I've been researching water heaters quite a bit and have some questions and some thoughts. 1. Are the REEM and the GeoSpring water heater the same? (I think they are, but why the different name). 2. From an environmental perspective, is the Marathon heater better (I think no, but am not sure why all the uber-green people get the Marathon then)? 3. If the GeoSpring uses a heat pump, it takes heat out of the existing air, right? Then are your energy savings from this process offset by loses from taking heat out of your house? 4. How often does GE come out with new products? Should I wait for a version with a quieter fan? I few thoughts. 1. I've looked into getting a solar water heater, and this, I think, is a much better deal. The three bids I've received for solar water heater all put it around $10,000 to $12,000 with a $300 annual savings in water heating cost. This would provide the same thing for a fraction of the cost. 2. If you want to live off the grid (which is an eventual goal of mine), I think the best thing to do is to buy this heater and use photovoltaics for the heating elements. I've never seen any discussion of how this system compares to a traditional solar water system, but the numbers seem to work out. Any thoughts?
Well the 1st post install bill came and compared to the same period last year, it is $20 less. Now, we live in middle GA and it is a whole lot hotter this year than it was at the same time last year. In fact, not even sure we had the AC on last year at this time. That said, I am happy with the prelim results. We will have to see what happens next month.
I currently have a leaking gas water heater and need to replace it. Is the Eternal Hybrid by Grand Hall a good alternative? Also, I can't seem to find if it's Energy Star Certified so don't know if it qualifies for the federal tax credit. I wouls like to stay with gas for 2 reasons A)Can't afford to retrofit for electric; B) When the power goes out, (which it can during summers of thunderstorms), at least I will still have hot water. Please let me know what you think of this alternative. I've seen mixed reviews on regular gas tankkless water heaters. Thx!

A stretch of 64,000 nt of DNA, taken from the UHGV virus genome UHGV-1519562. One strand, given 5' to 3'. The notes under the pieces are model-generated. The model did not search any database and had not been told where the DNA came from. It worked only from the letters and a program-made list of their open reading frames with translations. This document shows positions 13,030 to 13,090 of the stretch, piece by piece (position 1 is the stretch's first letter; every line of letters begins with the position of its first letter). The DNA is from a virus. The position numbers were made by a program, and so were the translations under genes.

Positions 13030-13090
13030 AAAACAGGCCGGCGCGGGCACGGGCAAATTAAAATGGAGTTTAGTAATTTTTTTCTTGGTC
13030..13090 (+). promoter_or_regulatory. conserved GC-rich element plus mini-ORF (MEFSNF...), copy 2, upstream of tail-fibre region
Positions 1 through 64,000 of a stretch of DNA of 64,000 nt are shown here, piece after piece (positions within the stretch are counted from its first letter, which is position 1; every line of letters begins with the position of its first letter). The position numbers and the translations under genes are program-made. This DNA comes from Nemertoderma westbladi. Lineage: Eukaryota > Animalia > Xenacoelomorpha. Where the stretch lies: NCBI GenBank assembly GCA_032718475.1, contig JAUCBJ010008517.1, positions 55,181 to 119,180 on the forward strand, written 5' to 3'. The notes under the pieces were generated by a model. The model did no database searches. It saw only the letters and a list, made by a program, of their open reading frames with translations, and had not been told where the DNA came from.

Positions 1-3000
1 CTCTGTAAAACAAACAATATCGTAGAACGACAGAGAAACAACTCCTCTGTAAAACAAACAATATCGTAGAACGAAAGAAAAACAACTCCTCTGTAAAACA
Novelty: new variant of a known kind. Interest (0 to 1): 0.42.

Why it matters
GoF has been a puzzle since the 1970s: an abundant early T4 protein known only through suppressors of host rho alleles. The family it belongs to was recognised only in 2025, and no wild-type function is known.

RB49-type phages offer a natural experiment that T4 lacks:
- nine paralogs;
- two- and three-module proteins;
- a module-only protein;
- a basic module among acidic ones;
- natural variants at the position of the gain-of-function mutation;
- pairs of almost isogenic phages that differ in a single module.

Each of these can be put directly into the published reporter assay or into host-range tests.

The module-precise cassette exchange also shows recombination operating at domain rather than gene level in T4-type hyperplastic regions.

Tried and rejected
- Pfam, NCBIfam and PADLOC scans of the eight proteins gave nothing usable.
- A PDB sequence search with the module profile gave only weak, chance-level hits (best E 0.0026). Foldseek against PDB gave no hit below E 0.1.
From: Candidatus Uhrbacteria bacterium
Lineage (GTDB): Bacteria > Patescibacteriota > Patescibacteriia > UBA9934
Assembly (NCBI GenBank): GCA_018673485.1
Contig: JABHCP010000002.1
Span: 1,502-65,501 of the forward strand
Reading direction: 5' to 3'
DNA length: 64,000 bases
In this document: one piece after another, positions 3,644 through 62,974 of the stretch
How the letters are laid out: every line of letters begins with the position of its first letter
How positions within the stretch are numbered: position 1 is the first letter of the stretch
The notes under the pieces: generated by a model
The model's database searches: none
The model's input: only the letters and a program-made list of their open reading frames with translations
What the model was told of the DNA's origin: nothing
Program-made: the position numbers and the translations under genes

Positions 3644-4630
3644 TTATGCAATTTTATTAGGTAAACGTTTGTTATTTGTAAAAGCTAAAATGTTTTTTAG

ckmapawatt's picture
Julie, Thanks for your comment. I moved this question over to our forum. Please see my response on <a href="" rel="nofollow">replacing a standard water heater with a hybrid water heater</a>.
What is the minimum temperature for housing the Geospring (model GEH50DNSRSA) by GE? I am considering installing it in a garage in central Texas, where we can have temperatures as low as -2 degrees Fahrenheit (record set in 1949). "Austin averages 88 days below 45 °F (7.2 °C) and 24 days when the minimum temperature falls below freezing," according to Wikipedia.
The specs say the unit will run as a hybrid down to 45 degrees, and as a conventional unit down to freezing. So it should as fine in an unheated garage in Austin as a conventional hot water heater. Just don't lose power to the water heater if the garage goes below freezing. As a benefit, you may find the garage is more pleasant in the summer, and that your water heating costs are even lower than projected because you have more heat to extract and will be maintaining less of a delta between your water temp and ambient. A bigger problem for you in Austin might be the MAX temp that the hybrid unit will accept. I forget the number, but an Austin garage might get close in the summer.
anybody out there have real world experience with the Rheem or GE? Know of a good head to head comparison?


Post new comment

Subscribe to Comments for "GeoSpring hybrid water heater - Snow Monkeying around"